Patients need a comfortable cardiac screening experience that enables them to easily enter and exit the exam bed, while ensuring an accurate test is conducted.
Technicians need a portable bed that does not add physical stress to themselves and allows them to perform echocardiogram exams in rural areas of their local communities.
Update Fall 2020
Primarily our team has been focusing on fixing the FEA of our project's CAD model and attempting to model ways to reinforce the weakest points of our design. We were able to attach the previously uncooperative leg component to the assembly of the bed and have managed to test the assembly with more complete simulations that what we previously had. Additionally, we have nearly finished with the conceptual design of our new backrest component, which will hopefully allow the bed to transition from inclined to reclined quickly. We have made other small adjustments such as designing additional supports to take weight off of the bottom corners of the bed and deciding to add cuts of neoprene sheets to the bottom of the feet of the legs in order to improve the bed's stability through increased friction.
Since design review we decided to scrap the welding plan (too expensive/difficult) and are working on creating and testing a non-welded version of the frame. We may go back to welding if the tests on the non-welded version fail by a wide margin. We were having issues with inventor so we also moved our files over to fusion 360; this allows for live collaboration as well, but has came with a learning curve.
We have primarily been focusing on the backrest mechanism for the bed. This has mostly entailed modifying the inflatable wedge that the backrest uses in order to adjust. The previous air pump was too slow, thus we have done some preliminary testing with a new air pump that borrowed from the BME department. We have since submitted a purchase request for our own air pump. The new air pump was significantly faster, but it was also significantly louder, so we are working on designs to reduce the noise expelled. We are making purchase requests for materials that will be needed for the construction of our prototype as well.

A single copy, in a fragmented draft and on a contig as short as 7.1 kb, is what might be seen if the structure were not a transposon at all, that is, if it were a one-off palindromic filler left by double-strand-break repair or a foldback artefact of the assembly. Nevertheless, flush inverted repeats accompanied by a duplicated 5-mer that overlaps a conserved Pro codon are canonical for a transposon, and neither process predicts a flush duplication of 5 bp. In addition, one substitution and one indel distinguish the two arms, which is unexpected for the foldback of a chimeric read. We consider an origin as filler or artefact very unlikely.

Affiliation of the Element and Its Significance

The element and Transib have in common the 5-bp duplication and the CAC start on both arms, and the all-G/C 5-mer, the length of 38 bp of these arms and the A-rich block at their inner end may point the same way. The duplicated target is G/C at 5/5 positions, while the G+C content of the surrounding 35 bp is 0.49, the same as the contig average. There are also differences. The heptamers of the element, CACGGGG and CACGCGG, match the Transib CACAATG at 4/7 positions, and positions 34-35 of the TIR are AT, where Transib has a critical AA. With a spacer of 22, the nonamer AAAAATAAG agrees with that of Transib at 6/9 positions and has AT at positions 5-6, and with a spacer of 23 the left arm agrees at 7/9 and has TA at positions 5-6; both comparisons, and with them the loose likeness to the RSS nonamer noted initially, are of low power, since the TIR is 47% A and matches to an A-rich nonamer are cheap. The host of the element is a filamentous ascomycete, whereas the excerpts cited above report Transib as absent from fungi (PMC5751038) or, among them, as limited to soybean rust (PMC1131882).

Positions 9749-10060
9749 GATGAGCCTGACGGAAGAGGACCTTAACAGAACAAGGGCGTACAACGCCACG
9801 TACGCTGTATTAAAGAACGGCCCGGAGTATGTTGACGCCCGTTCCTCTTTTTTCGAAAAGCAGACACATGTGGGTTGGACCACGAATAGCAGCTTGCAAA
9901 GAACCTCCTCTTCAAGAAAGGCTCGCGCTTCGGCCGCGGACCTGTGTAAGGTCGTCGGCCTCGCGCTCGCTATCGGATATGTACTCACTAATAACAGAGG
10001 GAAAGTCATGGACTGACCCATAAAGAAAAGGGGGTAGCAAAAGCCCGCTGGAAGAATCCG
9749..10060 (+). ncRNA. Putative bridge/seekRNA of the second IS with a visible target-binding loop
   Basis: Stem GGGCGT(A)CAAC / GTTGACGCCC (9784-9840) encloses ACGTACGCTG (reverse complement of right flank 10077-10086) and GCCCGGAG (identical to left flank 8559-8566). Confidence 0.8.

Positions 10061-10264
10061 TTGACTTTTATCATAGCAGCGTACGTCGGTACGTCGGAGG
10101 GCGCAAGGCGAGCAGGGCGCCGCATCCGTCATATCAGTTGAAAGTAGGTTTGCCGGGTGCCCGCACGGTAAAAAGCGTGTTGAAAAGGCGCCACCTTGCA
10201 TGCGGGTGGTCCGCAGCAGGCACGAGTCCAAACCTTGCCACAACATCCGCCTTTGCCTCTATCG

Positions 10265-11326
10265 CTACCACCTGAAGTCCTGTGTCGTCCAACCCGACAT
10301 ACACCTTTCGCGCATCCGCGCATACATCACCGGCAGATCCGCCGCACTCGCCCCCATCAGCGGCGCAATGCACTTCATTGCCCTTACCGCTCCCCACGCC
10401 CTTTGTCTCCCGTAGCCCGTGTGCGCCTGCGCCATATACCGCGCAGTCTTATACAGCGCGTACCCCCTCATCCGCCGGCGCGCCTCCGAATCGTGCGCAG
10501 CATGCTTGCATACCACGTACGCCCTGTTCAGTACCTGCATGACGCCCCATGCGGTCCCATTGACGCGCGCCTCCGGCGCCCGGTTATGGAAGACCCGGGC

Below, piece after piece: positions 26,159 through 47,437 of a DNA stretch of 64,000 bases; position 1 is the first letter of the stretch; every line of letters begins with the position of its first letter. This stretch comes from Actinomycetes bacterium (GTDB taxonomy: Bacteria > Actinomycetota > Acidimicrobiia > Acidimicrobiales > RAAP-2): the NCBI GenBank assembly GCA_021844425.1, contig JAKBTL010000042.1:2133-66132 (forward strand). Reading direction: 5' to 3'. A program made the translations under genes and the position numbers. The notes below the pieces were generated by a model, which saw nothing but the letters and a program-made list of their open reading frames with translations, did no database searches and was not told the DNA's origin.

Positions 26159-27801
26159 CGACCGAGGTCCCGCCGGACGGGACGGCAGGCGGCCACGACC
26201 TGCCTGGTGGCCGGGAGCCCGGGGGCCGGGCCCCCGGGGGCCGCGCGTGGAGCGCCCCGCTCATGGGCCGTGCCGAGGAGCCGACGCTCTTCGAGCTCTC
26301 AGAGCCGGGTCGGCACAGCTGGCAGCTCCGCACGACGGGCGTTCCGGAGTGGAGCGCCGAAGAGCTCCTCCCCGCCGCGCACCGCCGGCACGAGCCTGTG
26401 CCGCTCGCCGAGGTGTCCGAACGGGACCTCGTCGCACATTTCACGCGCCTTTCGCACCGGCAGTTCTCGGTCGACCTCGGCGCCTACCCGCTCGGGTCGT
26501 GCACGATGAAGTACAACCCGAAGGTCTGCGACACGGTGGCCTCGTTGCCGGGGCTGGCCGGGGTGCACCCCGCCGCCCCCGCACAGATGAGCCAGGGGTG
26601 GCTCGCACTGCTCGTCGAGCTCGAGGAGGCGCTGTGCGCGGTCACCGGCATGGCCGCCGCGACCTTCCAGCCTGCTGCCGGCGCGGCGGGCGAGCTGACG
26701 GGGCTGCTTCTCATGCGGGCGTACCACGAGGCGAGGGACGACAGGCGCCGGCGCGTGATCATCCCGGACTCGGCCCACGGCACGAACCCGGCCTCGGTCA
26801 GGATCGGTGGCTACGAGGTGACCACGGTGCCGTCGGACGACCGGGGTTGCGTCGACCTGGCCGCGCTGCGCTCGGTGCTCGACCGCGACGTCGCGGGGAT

One of the first things we did after testing the new air pump was starting to design an adapter that could be used to create a secure connection between our new air pump and the hose on the inflatable wedge. We took measurements from the hose and pump and used them to create a CAD model that we were then able to use to 3D print the adapter. Once we all went home for Thanksgiving break, we transitioned to working on documentation and CAD more frequently. This has included creating a list of parts that can be added into a purchase request at the beginning of next semester, as well as some drawings many of our CAD models. We also started brainstorming potential transportation methods for our prototype.